Mass-produced stem cells on the horizon
Posted: 22 July 2015 | Victoria White
Experts at the University of Nottingham have discovered the first fully synthetic substrate with potential to grow billions of stem cells…
Could stem cells be produced on a mass-scale soon?
Experts at the University of Nottingham have discovered the first fully synthetic substrate with potential to grow billions of stem cells, forging the way for the creation of ‘stem cell factories’.
The £2.3m research project, was led by Morgan Alexander, Professor of Biomedical Surfaces in the School of Pharmacy and Chris Denning, Professor of Stem Cell Biology in the School of Medicine. The material could provide an off-the-shelf product for clinical use in the treatment of the heart, liver and brain.
Professor Alexander and his team have been searching for polymers on which human pluripotent stem cells can be grown and differentiated in vast numbers – billions at a time.
Professor Alexander said, “The possibilities for regenerative medicine are still being researched in the form of clinical trials. What we are doing here is paving the way for the manufacture of stem cells in large numbers when those therapies are proved to be safe and effective.”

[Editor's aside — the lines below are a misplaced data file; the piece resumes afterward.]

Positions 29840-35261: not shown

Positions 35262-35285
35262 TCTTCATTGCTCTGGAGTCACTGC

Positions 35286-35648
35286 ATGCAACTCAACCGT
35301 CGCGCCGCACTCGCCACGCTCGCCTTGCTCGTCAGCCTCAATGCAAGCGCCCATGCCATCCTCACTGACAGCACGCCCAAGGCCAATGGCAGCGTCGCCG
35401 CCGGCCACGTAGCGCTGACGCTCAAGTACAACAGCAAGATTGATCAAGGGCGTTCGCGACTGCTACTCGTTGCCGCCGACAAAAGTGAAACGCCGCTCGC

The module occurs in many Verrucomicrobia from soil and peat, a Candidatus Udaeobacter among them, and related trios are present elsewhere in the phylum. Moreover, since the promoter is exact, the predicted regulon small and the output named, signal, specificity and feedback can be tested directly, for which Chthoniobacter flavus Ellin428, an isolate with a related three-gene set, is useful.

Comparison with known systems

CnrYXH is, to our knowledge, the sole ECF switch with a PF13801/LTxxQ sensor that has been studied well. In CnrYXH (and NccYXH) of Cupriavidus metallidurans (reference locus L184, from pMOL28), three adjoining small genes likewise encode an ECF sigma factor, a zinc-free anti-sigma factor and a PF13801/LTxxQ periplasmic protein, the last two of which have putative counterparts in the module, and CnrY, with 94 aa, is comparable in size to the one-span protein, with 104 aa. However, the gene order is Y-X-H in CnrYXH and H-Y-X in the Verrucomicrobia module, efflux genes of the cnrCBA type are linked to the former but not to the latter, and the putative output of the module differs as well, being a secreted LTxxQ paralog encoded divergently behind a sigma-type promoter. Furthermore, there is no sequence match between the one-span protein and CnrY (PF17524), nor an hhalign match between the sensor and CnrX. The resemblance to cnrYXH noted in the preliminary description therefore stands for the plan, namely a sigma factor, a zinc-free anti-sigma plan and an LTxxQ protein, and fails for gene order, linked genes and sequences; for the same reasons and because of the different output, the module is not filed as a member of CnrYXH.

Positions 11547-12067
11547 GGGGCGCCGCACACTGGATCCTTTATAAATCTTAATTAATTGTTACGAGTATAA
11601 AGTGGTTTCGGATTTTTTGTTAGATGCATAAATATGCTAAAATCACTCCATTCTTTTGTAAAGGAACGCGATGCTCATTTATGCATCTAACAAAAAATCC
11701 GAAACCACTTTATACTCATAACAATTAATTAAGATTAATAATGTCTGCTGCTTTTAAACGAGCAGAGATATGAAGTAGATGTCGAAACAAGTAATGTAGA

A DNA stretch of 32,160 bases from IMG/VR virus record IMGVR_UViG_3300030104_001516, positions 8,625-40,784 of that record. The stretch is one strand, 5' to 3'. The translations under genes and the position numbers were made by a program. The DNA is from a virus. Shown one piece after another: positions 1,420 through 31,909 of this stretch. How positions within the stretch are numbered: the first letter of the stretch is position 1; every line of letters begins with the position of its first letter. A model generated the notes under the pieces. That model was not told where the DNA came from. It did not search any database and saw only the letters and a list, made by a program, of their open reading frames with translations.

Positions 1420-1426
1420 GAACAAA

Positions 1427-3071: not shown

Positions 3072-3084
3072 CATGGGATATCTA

Using a high throughput materials discovery approach the research team has found this man-made material, free from possible contamination and batch variability.
Field of regenerative medicine using stem cells has snowballed
Professor Denning, whose field is in cardiac stem cell research, said, “The field of regenerative medicine has snowballed in the last five years and over the coming five years a lot more patients will be receiving stem cell treatments. Clinical trials are still in the very early stages. However, with this kind of product, if we can get it commercialised and validated by the regulators it could be helping patients in two to three years.”
Conditions of the heart, liver and brain are all under investigation as possible new stem cell treatments. People are already receiving stem cells derived eye cells for eye disorders.
The study findings are published in Advanced Materials.